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Solution planning using Service Management

Service Management includes two important modules that are involved in planning service solutions, Service Request Management and Incident Management. It is important to understand the differences between these modules, as well as the types of processes served by each one.

Service Request Management

Service Request Management (SRM) encompasses the consumer facing processes that make up the expected, day-to-day activities involved in providing a service to an individual or group.

These activities can be defined at a high level as either service requests or support requests. Service requests are the set of predefined activities that can be performed against the service itself (such as increasing the size of a standard email mailbox, requesting additional memory for a virtual machine, or resetting a password for a specific application). Service requests usually require the same type of information from the user each time (such as a user id or application name), and often lend themselves to automation.

Support requests, by contrast, encompass those requests that have not been predefined or even expected by the service owner. This can include questions, suggestions, or even complaints. For many of these, a good knowledge base will enable a consumer to self-answer and remove the need for a service desk agent to manually respond to the request. However, a support request often involves a perceived issue that a user is having with the service.

Incident Management

Incident Management (IM) encompasses the processes used by the service provider to track and resolve any issue that impacts the ability of a user to consume the service.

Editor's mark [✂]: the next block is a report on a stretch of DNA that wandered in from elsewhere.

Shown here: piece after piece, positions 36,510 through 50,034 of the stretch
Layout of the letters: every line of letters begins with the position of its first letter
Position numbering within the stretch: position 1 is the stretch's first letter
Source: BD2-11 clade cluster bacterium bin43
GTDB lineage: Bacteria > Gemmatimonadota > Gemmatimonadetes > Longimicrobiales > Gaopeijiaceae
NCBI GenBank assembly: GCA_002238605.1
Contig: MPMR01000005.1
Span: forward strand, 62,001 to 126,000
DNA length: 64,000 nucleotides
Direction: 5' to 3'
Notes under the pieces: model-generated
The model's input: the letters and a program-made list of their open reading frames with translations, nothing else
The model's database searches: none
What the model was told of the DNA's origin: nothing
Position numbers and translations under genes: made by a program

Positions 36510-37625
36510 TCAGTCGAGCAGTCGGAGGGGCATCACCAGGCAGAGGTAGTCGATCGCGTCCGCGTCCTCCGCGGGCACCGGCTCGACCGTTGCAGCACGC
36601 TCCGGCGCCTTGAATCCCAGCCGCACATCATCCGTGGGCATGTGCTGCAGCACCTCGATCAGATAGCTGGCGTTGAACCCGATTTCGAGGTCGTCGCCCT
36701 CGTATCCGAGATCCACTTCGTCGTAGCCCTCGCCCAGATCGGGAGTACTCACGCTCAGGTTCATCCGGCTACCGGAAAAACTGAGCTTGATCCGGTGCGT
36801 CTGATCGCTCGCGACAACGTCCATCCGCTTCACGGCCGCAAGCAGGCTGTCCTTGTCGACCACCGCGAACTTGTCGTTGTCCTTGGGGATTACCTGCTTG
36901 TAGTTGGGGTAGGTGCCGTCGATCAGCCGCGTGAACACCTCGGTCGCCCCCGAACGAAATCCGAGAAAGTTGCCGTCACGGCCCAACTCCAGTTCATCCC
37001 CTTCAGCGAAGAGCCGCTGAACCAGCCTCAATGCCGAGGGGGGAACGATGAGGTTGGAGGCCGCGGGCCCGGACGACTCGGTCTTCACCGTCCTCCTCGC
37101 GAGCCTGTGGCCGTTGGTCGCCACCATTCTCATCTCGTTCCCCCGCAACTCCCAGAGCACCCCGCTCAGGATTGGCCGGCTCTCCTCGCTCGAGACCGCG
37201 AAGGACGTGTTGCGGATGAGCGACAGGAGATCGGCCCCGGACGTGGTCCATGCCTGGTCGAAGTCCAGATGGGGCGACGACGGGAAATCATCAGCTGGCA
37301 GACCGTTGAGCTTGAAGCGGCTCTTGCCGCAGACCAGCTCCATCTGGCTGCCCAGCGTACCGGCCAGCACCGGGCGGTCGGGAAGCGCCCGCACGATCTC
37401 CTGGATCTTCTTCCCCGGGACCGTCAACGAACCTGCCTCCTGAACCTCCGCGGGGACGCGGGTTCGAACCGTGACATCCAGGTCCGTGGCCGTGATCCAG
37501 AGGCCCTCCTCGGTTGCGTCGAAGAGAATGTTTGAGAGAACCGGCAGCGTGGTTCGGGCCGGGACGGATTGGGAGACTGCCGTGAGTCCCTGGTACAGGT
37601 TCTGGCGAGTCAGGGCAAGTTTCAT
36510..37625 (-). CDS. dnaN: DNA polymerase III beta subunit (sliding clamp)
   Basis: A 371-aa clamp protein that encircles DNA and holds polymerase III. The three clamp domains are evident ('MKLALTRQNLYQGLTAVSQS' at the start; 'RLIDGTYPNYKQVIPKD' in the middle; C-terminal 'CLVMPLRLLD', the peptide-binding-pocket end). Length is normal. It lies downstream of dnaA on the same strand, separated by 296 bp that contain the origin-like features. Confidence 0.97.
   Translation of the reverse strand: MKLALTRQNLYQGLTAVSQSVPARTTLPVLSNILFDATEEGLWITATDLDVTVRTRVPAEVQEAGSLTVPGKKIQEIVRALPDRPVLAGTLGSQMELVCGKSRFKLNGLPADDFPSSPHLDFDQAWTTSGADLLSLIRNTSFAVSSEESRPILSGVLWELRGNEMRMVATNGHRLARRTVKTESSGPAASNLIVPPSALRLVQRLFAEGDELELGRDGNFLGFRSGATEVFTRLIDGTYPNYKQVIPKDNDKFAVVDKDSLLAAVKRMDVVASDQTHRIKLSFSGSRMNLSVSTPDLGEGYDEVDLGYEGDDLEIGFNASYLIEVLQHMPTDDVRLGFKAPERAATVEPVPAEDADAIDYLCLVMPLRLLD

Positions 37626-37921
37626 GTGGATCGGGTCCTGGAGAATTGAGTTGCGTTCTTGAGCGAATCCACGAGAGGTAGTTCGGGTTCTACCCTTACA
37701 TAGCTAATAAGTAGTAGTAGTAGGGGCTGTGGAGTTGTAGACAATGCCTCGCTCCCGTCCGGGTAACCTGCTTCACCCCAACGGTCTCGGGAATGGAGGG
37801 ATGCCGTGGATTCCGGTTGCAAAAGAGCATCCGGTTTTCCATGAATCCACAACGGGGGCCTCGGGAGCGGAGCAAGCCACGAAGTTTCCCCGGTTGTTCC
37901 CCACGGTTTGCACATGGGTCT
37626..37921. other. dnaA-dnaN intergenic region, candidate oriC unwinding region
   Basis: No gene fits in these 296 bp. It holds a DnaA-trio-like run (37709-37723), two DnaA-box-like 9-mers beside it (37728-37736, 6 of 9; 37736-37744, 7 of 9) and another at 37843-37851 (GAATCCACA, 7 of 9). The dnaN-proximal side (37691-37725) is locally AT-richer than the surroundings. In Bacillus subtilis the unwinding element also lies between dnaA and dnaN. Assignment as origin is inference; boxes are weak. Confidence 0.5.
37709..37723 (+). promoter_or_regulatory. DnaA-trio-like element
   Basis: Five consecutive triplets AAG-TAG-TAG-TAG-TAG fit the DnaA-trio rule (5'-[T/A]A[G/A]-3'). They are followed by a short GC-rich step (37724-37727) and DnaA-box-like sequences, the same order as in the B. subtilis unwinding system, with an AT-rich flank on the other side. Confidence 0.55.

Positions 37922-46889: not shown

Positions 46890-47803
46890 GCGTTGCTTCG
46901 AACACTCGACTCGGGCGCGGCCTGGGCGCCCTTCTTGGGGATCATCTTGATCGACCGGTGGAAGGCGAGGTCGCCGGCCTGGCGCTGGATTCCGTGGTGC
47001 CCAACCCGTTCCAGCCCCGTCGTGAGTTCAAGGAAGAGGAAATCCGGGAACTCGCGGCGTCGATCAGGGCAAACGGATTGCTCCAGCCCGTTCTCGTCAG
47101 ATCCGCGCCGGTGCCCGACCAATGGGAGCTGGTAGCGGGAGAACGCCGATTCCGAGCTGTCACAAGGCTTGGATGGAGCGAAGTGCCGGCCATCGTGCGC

It is important to note that an issue that impacts the operation of a service may or may not be reported by a service consumer. For most hardware or application issues, the incident is most likely created directly by the service provider either manually or by some type of event management software. However, for those incidents that were either reported by a service consumer, or for those that affected a consumer who then reported it via a service request, both processes (IM and SRM) need to be followed.

Understanding the difference

To understand the difference between these modules, we need to consider the end goal of each process:

  • The goal of Service Request Management is to ensure that the user can consume the service to their satisfaction.
  • The goal of Incident Management is to restore normal operation of a service as quickly as possible.

Using these definitions, one of the easiest ways to clarify if an issue needs to be handled by Incident Management is simply to determine whether or not the issue could affect the availability of the service as defined in any service level agreements. While this is not the only criterion that we might use, if the answer to this question is yes, then the issue in question must be handled within Incident Management.

Here are some examples of use case scenarios and the processes that should be followed in each case:

In each case, we can use the above definitions to determine the correct process:

  • Service Request Management encompasses the consumer facing processes that make up the expected, day to day activities involved in providing a service to an individual or group. The goal of Service Request Management is to ensure that the user can consume the service to their satisfaction.
  • Incident Management encompasses the processes used by the service provider to track and resolve any issue that impacts the ability of a user to consume the service. The goal of Incident Management is to restore normal operation of a service as quickly as possible.

Applying these definitions to any incoming issue should make it apparent which process needs to be followed to ensure that the service is being provided in the most efficient way possible.

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